6. His only opera almost landed in the trash.
Peter Freiherr von Braun commissioned Beethoven’s “Fidelio.” At its opening performance in 1805, the opera was panned by critics. Beethoven successfully reworked it, producing a third and fourth version of the score.
The plot is based on an actual event of the French Revolution: A heroic woman, dressed as a man, freed her husband from the prison of the Jacobins. The interval signal used for decades on Deutsche Welle’s radio programs was borrowed from an aria in “Fidelio.”
7. He was inspired and infuriated by Napoleon.
Beethoven wasn’t only interested in music, but also in philosophy, literature and politics. In the early phases of his musical career, he would pay tribute to heroism. He was a fan of the French Revolution and devoted his Third Symphony, the “Eroica,” to Napoleon.
However, when Napoleon crowned himself Emperor, Beethoven furiously erased this dedication from his score.
8. Ta-ta-ta-Taaaa: He decided less was more.
The beginning of Beethoven’s Fifth Symphony from 1808 is world renowned. The motif of the first movement is made of just four tones. Altogether, Beethoven wrote nine symphonies, a lot fewer than Mozart, who composed over 41.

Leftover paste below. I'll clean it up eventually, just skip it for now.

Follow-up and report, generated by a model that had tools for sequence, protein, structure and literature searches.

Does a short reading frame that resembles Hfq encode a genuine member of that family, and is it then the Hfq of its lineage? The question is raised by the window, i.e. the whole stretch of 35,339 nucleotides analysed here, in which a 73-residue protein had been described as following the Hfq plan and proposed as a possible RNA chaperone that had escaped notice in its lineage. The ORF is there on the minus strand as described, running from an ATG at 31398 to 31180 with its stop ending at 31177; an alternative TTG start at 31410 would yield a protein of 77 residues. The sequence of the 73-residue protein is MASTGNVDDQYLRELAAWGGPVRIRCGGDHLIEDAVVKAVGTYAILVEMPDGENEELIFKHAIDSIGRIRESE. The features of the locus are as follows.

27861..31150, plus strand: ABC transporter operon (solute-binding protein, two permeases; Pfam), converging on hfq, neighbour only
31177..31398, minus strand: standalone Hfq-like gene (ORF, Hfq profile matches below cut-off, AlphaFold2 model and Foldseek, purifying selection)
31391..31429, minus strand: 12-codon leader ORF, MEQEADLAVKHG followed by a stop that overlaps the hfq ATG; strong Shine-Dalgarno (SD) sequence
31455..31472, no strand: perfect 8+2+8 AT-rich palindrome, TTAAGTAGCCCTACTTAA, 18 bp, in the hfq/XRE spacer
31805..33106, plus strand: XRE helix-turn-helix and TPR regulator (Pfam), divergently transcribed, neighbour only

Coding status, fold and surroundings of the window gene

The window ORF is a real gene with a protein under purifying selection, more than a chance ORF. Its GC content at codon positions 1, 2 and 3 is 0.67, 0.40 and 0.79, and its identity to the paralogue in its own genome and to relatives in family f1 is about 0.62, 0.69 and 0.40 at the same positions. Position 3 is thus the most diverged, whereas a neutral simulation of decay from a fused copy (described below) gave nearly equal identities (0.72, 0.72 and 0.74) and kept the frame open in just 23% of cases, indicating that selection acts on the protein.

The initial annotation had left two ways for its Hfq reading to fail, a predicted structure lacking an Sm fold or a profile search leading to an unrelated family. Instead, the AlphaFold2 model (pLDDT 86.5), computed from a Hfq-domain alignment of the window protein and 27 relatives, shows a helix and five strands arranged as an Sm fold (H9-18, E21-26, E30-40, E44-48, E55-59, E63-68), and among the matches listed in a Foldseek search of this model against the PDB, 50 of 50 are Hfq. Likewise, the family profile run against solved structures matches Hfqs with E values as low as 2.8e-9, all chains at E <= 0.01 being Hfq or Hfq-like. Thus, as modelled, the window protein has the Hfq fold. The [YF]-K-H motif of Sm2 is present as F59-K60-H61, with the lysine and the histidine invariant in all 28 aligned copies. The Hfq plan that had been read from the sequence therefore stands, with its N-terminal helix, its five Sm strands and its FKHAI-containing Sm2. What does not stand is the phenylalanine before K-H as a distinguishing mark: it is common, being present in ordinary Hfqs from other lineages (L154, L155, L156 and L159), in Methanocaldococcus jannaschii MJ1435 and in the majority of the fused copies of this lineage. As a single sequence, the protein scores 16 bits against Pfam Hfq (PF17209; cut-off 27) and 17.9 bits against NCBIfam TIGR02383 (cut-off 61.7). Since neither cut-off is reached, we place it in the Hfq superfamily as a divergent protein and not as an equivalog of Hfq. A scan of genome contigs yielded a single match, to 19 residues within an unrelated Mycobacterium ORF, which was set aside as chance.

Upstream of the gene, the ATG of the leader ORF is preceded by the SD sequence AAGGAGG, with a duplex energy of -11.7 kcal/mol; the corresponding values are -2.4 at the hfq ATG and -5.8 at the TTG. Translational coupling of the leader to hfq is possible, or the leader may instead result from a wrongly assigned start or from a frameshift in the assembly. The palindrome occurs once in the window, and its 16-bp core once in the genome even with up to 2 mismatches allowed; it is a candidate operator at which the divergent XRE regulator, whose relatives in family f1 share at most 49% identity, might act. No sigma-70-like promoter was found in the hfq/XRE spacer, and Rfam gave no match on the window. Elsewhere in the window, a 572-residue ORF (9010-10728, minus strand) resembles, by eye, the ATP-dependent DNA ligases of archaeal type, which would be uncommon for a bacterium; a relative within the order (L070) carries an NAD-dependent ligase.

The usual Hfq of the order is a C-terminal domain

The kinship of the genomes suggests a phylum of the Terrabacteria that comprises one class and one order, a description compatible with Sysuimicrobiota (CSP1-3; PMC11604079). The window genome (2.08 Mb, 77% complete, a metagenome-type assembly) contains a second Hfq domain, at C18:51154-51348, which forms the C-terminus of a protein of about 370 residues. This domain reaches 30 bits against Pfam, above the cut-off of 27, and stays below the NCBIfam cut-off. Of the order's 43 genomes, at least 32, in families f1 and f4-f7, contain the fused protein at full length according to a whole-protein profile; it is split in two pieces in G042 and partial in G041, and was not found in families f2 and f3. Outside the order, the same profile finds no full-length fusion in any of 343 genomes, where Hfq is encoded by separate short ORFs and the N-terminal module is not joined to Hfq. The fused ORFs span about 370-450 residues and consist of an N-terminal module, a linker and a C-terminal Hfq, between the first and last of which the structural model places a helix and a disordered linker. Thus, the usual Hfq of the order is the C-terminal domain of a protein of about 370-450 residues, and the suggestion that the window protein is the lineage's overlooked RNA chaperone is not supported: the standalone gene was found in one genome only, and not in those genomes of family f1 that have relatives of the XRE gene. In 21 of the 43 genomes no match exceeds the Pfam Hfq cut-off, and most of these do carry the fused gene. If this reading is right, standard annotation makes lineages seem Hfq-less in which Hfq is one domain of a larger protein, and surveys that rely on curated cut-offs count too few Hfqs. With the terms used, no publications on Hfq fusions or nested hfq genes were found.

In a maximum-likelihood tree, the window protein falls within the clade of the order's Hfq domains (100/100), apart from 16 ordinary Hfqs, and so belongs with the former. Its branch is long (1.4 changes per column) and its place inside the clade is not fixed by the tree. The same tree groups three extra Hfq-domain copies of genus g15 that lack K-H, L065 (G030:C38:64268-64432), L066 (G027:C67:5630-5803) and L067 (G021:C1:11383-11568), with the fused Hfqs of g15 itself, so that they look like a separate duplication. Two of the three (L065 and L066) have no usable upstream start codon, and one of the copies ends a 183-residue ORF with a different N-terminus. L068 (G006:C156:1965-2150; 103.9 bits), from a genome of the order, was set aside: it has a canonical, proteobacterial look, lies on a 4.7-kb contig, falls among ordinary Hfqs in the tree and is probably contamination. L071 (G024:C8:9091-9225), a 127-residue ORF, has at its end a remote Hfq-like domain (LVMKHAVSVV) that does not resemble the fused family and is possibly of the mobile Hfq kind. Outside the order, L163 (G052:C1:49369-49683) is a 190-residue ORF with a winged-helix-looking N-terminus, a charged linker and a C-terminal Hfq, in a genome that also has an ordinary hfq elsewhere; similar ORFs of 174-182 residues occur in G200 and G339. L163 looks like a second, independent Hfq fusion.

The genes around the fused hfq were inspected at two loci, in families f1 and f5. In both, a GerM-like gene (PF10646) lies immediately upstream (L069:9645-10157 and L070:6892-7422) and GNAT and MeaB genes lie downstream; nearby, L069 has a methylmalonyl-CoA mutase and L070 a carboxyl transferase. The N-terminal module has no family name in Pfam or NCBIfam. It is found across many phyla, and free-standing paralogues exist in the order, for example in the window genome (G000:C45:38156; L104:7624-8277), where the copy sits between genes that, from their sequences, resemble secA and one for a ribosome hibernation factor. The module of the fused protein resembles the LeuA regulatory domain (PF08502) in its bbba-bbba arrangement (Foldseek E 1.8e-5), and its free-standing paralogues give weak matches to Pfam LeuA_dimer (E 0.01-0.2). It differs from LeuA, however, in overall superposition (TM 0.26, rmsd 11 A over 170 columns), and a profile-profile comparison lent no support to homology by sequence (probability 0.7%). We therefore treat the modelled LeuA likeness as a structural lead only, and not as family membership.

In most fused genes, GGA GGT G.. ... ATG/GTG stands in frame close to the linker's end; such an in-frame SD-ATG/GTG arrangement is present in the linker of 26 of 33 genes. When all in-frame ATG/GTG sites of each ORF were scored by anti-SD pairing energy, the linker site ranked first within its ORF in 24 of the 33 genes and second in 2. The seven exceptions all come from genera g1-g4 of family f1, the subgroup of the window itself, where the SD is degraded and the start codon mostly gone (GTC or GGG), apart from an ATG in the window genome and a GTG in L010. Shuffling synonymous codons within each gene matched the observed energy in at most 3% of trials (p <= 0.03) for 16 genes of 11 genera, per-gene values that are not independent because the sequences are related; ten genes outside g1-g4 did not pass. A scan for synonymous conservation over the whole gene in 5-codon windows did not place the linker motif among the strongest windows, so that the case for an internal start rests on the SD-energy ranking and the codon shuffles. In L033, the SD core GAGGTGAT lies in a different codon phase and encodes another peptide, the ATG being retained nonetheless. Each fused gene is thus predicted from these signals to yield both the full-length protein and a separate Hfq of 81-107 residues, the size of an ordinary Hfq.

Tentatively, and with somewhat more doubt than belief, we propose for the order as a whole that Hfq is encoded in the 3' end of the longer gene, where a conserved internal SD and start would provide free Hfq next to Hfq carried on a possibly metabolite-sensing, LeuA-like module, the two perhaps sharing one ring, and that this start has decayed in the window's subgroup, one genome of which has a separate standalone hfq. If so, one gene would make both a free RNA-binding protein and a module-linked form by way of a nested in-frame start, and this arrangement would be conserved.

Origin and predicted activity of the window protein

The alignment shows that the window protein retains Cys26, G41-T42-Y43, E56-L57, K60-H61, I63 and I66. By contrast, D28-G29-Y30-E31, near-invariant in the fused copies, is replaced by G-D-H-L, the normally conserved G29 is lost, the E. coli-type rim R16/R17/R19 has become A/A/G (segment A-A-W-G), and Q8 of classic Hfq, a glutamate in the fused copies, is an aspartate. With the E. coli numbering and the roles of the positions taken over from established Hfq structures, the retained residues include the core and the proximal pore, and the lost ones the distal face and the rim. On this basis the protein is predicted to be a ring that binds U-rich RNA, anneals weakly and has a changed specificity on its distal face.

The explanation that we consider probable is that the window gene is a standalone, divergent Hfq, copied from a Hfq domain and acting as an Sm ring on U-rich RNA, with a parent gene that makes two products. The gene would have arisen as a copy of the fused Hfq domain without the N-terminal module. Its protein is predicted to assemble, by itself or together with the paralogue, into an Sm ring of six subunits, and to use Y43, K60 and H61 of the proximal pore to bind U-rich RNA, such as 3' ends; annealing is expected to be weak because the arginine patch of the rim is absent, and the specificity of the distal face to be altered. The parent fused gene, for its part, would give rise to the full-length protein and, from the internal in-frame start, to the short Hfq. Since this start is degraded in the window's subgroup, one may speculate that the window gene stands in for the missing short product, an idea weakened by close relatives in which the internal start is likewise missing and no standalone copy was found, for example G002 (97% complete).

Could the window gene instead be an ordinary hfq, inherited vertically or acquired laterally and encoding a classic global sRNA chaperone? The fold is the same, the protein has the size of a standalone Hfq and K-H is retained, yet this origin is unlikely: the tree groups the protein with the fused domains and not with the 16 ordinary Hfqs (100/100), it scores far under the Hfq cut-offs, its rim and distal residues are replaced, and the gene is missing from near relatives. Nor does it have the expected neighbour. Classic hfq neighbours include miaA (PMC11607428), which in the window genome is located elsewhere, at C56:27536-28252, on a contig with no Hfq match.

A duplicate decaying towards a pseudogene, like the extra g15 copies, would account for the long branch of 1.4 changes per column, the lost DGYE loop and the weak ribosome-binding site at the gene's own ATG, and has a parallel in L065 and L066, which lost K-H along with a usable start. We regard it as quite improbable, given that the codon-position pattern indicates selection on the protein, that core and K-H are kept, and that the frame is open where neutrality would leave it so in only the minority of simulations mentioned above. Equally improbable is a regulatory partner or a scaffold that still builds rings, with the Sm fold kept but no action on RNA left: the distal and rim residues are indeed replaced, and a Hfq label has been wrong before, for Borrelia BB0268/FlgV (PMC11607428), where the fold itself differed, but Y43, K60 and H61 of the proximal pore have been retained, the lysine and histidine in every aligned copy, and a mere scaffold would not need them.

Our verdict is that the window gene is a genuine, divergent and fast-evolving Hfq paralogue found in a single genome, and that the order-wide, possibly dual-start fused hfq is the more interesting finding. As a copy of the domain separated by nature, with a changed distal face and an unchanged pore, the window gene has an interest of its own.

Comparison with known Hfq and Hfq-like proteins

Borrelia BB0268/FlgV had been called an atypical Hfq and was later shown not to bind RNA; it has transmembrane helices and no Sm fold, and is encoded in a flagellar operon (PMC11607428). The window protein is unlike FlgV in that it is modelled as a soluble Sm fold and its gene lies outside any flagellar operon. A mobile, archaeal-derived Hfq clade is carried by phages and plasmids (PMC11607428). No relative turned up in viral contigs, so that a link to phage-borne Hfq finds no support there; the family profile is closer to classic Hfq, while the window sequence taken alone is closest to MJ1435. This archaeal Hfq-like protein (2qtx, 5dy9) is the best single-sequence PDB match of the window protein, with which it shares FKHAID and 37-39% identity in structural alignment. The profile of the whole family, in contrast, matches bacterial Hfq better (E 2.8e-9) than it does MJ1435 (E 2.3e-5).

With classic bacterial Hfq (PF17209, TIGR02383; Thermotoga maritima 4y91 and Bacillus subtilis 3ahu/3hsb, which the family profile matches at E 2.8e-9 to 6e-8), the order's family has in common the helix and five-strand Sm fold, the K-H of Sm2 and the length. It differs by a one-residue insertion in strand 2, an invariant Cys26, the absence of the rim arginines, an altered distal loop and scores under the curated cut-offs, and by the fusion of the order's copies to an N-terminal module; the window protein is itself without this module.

Every respectable large orchestra has all nine symphonies in its standard repertoire. Beethoven’s symphonies were so comprehensive and tremendous sounding that subsequent composers were paralyzed by the challenge of outdoing them.
The number nine also seems to have marked posterity: Gustav Mahler and Anton Bruckner never went beyond the ninth symphony either.
9. He influenced the development of the CD.
The final movement in Beethoven’s Ninth Symphony is the most famous, as it served as the musical setting for FriedrichSchiller’s poem “Ode to Joy.” Beethoven was already deaf when he wrote it. The composer could not hear the frenetic applause when the symphony premiered on May 7, 1824.
The Ninth Symphony still influences music to this day. It served as the template of the 1970 worldwide pop hit “A Song of Joy.” Since 1985, the instrumental version of “Ode to Joy” is the anthem of the European Union. The 80-minute standard for CDs established in 1982 was also influenced by the length of this approximately 70-minute symphony. Surveyed by developers of the product, the famous conductor Herbert von Karajan said that it should be possible to hear Beethoven’s Ninth on just one CD.
10. A rat’s flea might have made him deaf.
Beethoven started becoming deaf in his late twenties. He couldn’t hear anything by the age of 48, but suffered from tinnitus. According to recent studies, his deafness could have come from a form of typhus caused by a rat flea. Nevertheless, he continued to compose.
Beethoven had absolute pitch, so he could imagine the sounds and the harmony in his mind without hearing them on an instrument. It is now known that the attempts to heal him at the time were not only painful, they also contributed to additional inflammation, which only worsened Beethoven’s suffering.
He became lonely and turned into a crank – which his biographers say is an unfair way to remember him.